We spent our sixth day in Mexico City at the Museo Soumaya in Polanco, the most visited museum in Mexico, which houses local billionaire Carlos Slim’s massive art collection.
We spent a decent amount of time checking out the first exhibit, “Of Gold and Silver: Decorative Arts,” featuring old coins and religious artifacts, until we realized there were five other exhibits. Then we zipped through the second exhibit, “Asia in Ivories,” because it was filled with elephant tusks and Elliott was having none of that.
As soon as we walked into the third exhibit, “Old Masters of Europe and New Spain,” religious paintings and sculptures from the 13th to 19th centuries, I was floored to see art by Leonardo Da Vinci and Boticelli. There also were numerous other pieces by German, Spanish, Flemish, Italian and French artists that I’m not so familiar with, but they were still fun to see.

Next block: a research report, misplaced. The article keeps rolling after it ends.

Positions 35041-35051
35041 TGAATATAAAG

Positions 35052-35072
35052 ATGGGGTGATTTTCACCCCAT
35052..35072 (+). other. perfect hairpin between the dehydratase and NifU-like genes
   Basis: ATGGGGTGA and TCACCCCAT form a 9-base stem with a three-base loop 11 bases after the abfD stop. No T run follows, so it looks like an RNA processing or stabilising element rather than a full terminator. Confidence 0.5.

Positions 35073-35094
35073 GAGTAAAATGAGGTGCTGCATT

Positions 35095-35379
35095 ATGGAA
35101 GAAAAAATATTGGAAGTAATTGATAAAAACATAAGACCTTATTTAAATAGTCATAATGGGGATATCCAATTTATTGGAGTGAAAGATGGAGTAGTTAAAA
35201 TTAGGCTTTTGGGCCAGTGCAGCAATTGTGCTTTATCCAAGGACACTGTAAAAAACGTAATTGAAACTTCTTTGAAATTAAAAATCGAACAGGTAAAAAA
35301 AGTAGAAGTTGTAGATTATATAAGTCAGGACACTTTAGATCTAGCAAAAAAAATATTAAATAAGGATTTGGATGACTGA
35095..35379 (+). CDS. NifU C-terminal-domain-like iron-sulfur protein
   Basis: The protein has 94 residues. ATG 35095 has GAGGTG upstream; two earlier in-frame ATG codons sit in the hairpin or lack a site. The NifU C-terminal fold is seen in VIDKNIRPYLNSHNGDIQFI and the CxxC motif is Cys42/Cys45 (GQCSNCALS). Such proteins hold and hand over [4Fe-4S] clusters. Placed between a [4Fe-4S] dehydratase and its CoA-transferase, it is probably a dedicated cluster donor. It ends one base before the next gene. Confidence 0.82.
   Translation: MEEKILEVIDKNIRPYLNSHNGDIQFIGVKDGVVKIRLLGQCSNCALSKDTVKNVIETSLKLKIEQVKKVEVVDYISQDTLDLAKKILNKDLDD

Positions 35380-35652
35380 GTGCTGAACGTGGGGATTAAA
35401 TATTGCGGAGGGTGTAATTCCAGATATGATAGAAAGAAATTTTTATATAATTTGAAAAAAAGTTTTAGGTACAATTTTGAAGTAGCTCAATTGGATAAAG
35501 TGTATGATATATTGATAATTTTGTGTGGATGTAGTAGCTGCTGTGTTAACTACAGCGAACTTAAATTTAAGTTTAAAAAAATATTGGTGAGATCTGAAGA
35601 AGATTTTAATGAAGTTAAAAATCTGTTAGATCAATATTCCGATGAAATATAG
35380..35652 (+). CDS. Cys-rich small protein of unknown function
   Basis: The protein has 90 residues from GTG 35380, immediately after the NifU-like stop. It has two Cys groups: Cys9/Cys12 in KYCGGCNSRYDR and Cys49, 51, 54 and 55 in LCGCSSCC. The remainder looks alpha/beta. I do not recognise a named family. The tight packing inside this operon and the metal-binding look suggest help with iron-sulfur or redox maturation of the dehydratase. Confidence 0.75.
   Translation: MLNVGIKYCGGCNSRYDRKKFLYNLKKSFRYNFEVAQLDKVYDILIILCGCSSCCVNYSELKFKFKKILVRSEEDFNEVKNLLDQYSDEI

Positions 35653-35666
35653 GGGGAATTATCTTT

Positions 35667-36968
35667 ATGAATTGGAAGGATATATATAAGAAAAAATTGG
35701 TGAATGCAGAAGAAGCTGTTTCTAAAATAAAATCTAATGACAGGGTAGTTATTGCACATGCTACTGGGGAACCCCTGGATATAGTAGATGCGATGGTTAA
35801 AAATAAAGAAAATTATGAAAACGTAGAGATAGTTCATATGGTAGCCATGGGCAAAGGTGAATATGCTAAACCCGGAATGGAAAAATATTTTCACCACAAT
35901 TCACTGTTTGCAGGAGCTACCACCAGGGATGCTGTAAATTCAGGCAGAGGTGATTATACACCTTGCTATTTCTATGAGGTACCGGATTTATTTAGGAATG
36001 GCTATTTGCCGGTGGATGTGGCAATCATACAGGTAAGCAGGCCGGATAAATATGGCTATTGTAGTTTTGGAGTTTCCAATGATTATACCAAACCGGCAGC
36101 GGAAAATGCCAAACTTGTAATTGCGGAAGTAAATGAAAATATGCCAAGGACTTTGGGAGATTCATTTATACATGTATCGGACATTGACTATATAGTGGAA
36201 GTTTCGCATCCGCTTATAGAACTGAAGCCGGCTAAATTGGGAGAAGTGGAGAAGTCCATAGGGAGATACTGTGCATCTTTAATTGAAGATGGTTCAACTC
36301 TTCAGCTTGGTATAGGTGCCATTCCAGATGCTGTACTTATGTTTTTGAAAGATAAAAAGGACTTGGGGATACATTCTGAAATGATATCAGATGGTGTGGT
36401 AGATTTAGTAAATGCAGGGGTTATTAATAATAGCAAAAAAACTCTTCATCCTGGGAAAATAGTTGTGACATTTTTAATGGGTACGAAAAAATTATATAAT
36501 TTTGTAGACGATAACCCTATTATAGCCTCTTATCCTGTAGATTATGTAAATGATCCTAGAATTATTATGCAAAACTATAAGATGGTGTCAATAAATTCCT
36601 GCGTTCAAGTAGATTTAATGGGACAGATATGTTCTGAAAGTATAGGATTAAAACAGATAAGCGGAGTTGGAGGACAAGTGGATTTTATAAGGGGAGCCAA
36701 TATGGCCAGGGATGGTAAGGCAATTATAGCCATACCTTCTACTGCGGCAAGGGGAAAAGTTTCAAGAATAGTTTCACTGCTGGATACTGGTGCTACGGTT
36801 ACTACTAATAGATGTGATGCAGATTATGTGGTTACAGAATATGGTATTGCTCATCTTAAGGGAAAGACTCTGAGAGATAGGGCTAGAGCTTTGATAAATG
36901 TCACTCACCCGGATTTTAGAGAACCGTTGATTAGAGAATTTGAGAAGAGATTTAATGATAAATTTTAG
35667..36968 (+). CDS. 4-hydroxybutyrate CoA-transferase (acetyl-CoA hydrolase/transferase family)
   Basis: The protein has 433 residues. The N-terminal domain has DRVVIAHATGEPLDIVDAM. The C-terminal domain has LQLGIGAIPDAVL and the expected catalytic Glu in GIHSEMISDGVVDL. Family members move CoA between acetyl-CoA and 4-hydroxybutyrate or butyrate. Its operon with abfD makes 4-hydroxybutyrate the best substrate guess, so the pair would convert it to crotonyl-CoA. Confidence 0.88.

The fourth exhibit, “From Impressionism to the Avant-garde,” was just as impressive, with paintings by Van Gogh, Renoir and Monet. There also was a large collection of paintings by Mexican artists, including Diego Rivera.
A Salvador Dali piece greeted us as we entered the temporary fifth exhibit, “Venice,” but the rest of it was filled with 16th century artwork inspired by the Italian city. It was nearing the museum’s closing time, so we took a quick peek at this room to make sure we had time to make it to the last one.
The sixth and final exhibit, “The Age of Rodin,” was focused primarily on the French sculptor, but the room also featured a hodge podge of sculptures and paintings by other famous artists, including Degas, Monet and Gall.